• The banking crisis has caused economic difficulty which can breed resentment. The banks had to be bailed out, the alternative would have been far worse. Yet I have never seen an official version of why, set out in a simple everyday language to help people understand the situation. Lack of understanding fuels resentment
  • An environment where "political correctness" often over rules common sense, and the "rights" of criminals seem to take precedence over the rights of victims.
I have long said that allowing a section of our society to grow up with the attitudes of those seen causing the problems this week is a bigger threat to our country than any terrorist group.  Maybe this week was the wake up call the country needs. I said above we are all to blame, what I meant is that, in general, we have all allowed the  above factors to happen with no real protest. Maybe the country as a whole needs to be a bit more pro-active when it is clear that things are going wrong with society, instead of moaning about it amongst ourselves but effectively burying our heads in the sand. Although I am now treading on dangerous ground, some would say that is exactly what has been going on this week.

What are the answers? I don't have them. It's often said that National Service bred respect and responsibility. I can't see that ever being reintroduced, but maybe some form of Citizenship test should be passed before a child is considered an adult?. Punish parents for the actions of their children? Maybe parents need to pass a test before they can actually have children.? It should be ensured that no-one who actively wants to work should be worse off by taking it. No-one should be able to simply avoid work (out of choice) and live off the state without contributing something back. And above and beyond somehow a sense of community, of togetherness, or responsibility and respect to ones neighbourhood needs to be installed. Maybe the Krays and their like had the right idea all along?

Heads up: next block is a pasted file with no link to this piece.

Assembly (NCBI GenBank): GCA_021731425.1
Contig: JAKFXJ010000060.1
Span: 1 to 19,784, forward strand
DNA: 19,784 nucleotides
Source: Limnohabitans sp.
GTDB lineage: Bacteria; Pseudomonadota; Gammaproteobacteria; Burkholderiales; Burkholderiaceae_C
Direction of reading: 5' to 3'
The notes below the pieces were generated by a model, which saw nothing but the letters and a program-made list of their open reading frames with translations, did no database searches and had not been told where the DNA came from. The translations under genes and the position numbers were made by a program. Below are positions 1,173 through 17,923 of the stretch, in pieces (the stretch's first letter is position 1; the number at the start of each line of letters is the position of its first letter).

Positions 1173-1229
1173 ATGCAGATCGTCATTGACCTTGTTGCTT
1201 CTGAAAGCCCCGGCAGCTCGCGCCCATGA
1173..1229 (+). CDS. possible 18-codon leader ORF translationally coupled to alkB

It's important to remember that despite the huge media frenzy over the disturbances those taking part are still in the vast majority in our country. I'd like to think that the picture below of one of the many clean up operations by volunteers still represents the true England.  But, if problems continue to be ignored, for how long?

Broom Army photo by @Lawcol888


2 comments:

TGR Worzel said...

Good analysis. If I disagree with anything, its where you say "we have all allowed the above factors to happen with no real protest".

I think there has been plenty of protest/comment over the years, but nobody has really done anything about it. The problems have always been too difficult or would cost too much money, or would lose votes...

Wurzel said...

One idea I forgot to include was compulsory voting at general elections (with a none of the above proviso). A lot more attention would be paid to ALL aspects of society if it was known that they would be voting as opposed to unlikely to bother. If none of the above turns out to be the winner, then it's clear that either nobody is appealing to sufficient of the electorate to win, and/or they are simply failing to get there message across and need to try harder. None of the electorate could then claim they are not being listened to.